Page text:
THE solid cast metal figures produced by Georg Heyde in Dresden from 1872 until the Second World War can lack the detail and proportion of the best lead miniatures, but they are celebrated for the imaginative and animated uses to which Heyde put them.
In his hands, ordinary marching and firing figures became
ceremonial parades of Roman soldiers, armies of mounted elephants,
galloping foxhunts and teams of sportsmen.
While he made only modest inroads in his own country - in Germany
the 'flat' soldier was king - he had great success in the
international market, particularly Britain and the USA.
Likely among his UK exports was the rare group of figures
depicting a team of polar explorers offered for sale by Lewes toy
and militaria auctioneers Wallis & Wallis on August 31.
This unboxed set comprised a ship, the Nimrod, three tents, three
sleds containing provisions, nine huskies, three
icebergs/snowhills, two Union flags, a team of ponies and nine
penguins. The exact number of components as sold by Heyde is
unknown, but here there were also 11 figures including the
exhibition leader modelled with his arm raised aloft.
While the auctioneers were under the impression that this rare
group represented the protagonists of Scott's Antarctic Expedition
of 1912, the name of the ship will have suggested otherwise to
those familiar with the history of Polar exploration.
Some time before his ill-fated, but heroic, Endurance expedition
to Antarctica in 1914-1917, and following the Discovery expedition
he undertook under Robert Scott in 1902, Ernest Shackleton had led
his first expedition to the continent in 1907-1909. His ship was
the aging sealer Nimrod.
In addition to a motor car especially adapted for Polar
conditions, Shackleton had brought ponies for transport, but - in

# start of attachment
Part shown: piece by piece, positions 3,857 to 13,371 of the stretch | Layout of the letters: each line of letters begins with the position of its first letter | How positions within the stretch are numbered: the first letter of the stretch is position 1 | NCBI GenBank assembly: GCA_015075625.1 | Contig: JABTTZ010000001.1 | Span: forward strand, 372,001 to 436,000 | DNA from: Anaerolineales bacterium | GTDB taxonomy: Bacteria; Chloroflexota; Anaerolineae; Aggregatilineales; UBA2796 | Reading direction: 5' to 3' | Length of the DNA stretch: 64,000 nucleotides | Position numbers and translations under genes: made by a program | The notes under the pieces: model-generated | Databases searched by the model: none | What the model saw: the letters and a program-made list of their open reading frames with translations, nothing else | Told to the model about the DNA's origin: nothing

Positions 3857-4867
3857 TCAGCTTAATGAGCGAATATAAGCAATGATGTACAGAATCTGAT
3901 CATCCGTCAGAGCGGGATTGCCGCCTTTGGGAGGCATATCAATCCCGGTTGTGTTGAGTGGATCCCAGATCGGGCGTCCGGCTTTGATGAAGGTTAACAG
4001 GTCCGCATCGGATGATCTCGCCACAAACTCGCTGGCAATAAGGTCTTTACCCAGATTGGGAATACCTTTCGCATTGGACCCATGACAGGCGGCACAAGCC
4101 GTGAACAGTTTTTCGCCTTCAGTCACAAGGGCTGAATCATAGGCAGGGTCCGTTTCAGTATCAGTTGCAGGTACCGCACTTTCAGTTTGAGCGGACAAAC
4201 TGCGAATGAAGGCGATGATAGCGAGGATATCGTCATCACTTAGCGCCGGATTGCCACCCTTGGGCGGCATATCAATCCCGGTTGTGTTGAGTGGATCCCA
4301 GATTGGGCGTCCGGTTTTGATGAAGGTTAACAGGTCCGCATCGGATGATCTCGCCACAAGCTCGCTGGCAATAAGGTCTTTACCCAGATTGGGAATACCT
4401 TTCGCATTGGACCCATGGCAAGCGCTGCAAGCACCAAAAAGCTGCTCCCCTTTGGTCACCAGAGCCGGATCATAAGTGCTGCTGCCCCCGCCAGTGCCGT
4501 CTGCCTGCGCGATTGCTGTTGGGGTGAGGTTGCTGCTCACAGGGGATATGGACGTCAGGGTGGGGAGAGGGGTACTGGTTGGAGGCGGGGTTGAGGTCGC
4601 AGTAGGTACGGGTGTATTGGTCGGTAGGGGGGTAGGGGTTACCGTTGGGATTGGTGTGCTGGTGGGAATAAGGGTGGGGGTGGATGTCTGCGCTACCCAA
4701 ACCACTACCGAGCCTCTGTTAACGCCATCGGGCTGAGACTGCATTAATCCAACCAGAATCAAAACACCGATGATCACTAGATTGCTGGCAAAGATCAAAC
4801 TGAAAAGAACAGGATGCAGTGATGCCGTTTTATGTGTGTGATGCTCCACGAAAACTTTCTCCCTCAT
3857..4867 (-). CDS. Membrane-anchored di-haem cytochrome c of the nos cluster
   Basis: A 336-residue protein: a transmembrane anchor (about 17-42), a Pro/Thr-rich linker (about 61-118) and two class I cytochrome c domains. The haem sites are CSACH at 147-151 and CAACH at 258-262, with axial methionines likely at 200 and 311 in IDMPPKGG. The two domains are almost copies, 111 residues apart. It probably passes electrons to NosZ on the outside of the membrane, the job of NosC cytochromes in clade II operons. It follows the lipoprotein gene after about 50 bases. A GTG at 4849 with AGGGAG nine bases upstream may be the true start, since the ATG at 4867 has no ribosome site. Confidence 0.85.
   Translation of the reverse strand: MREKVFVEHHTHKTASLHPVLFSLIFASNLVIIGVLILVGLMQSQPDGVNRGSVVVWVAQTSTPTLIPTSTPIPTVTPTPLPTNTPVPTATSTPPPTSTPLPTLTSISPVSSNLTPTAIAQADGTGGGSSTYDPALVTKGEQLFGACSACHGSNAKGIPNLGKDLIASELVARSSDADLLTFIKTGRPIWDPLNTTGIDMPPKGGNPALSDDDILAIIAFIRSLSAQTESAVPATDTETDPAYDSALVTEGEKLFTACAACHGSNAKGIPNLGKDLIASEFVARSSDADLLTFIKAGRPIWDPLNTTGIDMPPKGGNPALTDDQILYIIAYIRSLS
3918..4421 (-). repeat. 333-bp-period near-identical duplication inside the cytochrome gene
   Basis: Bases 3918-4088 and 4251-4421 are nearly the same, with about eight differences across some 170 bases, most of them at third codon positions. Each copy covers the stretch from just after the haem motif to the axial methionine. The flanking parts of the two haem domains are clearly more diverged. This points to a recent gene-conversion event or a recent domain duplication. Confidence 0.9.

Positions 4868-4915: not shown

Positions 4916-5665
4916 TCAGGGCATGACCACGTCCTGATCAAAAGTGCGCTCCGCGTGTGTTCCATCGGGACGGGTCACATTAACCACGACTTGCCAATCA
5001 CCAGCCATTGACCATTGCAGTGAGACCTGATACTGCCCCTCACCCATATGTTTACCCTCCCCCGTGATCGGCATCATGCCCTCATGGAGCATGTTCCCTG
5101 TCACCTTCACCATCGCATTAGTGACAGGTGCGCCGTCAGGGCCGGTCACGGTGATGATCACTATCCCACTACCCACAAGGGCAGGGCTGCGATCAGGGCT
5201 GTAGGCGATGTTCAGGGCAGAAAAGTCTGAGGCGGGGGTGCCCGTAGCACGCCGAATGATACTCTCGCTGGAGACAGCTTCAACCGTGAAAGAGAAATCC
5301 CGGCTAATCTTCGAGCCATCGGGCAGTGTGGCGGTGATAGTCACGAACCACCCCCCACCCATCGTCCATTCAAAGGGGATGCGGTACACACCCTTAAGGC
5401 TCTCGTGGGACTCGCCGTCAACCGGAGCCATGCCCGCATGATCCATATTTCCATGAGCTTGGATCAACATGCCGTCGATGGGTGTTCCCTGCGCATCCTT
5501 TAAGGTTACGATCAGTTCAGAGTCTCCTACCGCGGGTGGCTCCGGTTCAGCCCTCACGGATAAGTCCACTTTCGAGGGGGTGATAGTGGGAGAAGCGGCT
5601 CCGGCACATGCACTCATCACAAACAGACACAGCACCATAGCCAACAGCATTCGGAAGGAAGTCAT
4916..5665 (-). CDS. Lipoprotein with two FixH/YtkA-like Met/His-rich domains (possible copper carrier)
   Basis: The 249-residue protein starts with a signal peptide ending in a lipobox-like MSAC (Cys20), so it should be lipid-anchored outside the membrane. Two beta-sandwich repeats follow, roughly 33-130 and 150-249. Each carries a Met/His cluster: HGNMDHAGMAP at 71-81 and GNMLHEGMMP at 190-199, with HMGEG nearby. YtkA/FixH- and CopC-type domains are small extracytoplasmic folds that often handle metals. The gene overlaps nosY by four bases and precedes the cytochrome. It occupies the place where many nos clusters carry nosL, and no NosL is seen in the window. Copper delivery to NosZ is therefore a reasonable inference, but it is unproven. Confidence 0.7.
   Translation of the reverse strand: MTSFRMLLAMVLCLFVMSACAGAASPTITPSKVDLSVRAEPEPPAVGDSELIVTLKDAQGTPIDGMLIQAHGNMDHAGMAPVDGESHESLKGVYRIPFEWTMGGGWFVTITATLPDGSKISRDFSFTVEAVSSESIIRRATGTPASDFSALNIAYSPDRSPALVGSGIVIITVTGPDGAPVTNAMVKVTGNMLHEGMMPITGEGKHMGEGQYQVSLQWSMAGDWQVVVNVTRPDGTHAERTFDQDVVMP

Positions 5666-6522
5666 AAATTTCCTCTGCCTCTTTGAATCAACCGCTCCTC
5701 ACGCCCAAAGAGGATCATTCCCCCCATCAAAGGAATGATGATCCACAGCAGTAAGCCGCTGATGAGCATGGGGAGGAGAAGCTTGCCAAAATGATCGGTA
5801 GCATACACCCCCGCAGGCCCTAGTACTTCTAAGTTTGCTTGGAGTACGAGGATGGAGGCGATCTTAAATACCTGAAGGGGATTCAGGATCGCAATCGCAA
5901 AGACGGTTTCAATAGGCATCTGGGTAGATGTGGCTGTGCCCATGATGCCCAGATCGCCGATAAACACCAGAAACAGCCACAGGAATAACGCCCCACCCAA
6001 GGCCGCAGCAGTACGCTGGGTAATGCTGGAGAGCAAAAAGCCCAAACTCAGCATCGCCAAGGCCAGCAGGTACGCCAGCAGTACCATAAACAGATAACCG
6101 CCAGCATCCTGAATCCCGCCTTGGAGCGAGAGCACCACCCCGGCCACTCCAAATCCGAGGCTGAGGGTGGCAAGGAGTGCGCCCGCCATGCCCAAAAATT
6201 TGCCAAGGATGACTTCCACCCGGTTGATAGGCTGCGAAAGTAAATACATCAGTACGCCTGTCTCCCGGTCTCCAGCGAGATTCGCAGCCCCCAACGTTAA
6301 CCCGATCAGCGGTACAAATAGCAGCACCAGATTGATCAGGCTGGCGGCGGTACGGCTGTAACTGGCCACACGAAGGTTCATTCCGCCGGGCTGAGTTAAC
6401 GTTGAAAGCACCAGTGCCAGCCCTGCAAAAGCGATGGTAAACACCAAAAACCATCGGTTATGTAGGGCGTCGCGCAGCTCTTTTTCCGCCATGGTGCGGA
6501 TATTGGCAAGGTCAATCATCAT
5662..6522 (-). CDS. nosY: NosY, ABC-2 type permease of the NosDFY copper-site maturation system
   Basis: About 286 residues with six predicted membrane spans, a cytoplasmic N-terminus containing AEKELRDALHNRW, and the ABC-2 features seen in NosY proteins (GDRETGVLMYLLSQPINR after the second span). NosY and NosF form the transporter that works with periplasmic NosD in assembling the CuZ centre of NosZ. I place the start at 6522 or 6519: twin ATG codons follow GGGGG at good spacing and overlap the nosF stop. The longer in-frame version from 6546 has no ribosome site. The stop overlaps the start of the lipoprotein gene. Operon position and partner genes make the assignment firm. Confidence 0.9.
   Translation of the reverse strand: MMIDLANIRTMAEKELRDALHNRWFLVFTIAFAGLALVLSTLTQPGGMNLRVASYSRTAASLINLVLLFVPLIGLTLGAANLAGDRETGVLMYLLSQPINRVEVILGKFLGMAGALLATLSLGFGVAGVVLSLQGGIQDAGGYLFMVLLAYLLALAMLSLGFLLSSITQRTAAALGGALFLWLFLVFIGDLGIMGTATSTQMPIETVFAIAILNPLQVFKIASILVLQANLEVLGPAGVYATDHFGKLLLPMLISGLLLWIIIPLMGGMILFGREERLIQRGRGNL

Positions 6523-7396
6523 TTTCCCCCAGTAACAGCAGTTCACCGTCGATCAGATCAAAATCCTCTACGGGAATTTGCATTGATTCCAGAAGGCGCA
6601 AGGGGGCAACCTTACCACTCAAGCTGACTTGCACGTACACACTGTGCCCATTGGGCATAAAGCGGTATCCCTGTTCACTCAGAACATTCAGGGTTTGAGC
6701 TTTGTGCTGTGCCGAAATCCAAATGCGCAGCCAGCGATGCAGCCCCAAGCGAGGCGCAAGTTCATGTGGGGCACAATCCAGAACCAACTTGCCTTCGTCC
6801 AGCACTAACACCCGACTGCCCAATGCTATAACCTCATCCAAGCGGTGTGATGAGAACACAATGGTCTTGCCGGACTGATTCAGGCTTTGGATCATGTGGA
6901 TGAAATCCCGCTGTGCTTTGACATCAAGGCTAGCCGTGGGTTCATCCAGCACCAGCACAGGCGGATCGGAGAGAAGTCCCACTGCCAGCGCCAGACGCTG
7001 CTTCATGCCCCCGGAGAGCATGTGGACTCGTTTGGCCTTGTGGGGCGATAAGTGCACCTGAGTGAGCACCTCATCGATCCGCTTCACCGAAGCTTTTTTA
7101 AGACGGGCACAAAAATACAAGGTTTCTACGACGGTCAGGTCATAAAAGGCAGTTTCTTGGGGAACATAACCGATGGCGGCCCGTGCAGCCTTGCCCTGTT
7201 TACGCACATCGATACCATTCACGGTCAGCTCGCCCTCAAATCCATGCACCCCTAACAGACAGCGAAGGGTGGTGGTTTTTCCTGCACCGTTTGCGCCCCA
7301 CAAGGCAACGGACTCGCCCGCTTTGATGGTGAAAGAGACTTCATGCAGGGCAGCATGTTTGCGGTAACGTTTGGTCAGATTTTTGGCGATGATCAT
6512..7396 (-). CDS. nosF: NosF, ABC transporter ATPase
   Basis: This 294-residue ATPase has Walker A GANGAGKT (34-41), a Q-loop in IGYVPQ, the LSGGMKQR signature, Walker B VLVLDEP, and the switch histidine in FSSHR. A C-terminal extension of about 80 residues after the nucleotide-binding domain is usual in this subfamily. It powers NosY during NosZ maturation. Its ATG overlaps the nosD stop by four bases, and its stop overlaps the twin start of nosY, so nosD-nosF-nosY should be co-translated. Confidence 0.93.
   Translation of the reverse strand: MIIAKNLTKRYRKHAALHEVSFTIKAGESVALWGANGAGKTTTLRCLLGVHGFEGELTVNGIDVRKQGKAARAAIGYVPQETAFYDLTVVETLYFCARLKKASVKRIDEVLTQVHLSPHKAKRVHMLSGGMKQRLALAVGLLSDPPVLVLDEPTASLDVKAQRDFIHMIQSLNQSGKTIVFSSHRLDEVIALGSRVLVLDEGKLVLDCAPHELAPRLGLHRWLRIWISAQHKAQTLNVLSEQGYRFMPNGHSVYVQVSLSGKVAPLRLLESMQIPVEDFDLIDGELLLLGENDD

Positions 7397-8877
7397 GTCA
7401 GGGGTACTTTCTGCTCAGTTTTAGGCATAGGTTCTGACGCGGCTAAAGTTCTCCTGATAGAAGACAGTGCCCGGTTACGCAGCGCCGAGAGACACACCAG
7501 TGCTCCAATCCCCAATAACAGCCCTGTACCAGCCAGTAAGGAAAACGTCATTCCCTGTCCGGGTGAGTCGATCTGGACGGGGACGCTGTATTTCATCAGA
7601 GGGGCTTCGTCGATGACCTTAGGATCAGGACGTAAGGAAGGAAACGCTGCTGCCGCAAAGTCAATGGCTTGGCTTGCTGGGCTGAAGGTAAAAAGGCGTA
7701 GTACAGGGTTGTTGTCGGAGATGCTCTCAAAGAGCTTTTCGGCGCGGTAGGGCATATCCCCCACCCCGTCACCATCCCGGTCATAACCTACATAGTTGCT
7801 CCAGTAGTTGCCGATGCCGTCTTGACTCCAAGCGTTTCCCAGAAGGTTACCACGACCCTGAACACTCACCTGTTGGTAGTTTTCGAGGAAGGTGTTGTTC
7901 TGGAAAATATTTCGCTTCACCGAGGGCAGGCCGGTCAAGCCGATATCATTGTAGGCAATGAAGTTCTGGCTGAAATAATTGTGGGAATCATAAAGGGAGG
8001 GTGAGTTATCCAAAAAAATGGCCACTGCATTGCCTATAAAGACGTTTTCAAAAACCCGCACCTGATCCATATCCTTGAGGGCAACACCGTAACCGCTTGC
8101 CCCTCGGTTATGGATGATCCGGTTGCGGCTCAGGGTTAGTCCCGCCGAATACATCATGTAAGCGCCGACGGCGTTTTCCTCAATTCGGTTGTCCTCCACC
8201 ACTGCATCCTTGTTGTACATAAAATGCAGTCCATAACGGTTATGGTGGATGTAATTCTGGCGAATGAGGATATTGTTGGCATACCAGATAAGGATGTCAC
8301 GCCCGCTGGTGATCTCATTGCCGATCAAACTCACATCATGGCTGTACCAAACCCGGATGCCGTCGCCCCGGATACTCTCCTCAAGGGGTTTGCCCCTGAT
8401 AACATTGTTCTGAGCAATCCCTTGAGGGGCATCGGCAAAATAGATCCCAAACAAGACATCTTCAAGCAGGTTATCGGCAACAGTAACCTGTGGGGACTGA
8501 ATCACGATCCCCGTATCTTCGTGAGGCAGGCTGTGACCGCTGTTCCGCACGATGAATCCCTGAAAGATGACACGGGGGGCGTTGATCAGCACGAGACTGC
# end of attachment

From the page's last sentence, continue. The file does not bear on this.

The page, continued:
addition to the injury to meteorologist Jameson Adams on the first
day - they became weak in temperatures consistently below minus 20
degrees centigrade. The weakest pony was shot on November 21 to aid
the short rations and two more had to be sacrificed soon after the
party passed the point (480 miles from the Pole) reached by Scott
and Shackleton in 1902.
Christmas was celebrated with plum pudding, brandy, cigars and a
spoonful of crème de menthe, but on January 9, with the blizzards
against them on a polar plateau at an altitude of 10,200 feet, they
reached their furthest south point just 97 miles from the Pole. A
flag was planted and photographs taken, they turned around and
began to head for home. "I thought, dear, that you would rather
have a live ass than a dead lion," Sir Ernest Shackleton wrote to
his wife Emily. In total they walked 1700 miles.
Such a story made the Nimrod Expedition a more than suitable topic
for a young boy's playroom, but evidently very few of the sets were
Knowledgeable clients viewing the sale at the West Street Auction
Rooms guessed it was worth in the region of £1500 (the estimate was
£600-1000), but no one could remember the last time a set of this
magnitude (and in this all-original condition) had come up for
auction. A bidding battle ensued between a postal bidder and room
bidders before a new paddle (a dealer possibly acting for a German
collector) came in at the last moment with a winning £4100 (plus 15
per cent buyer's premium).
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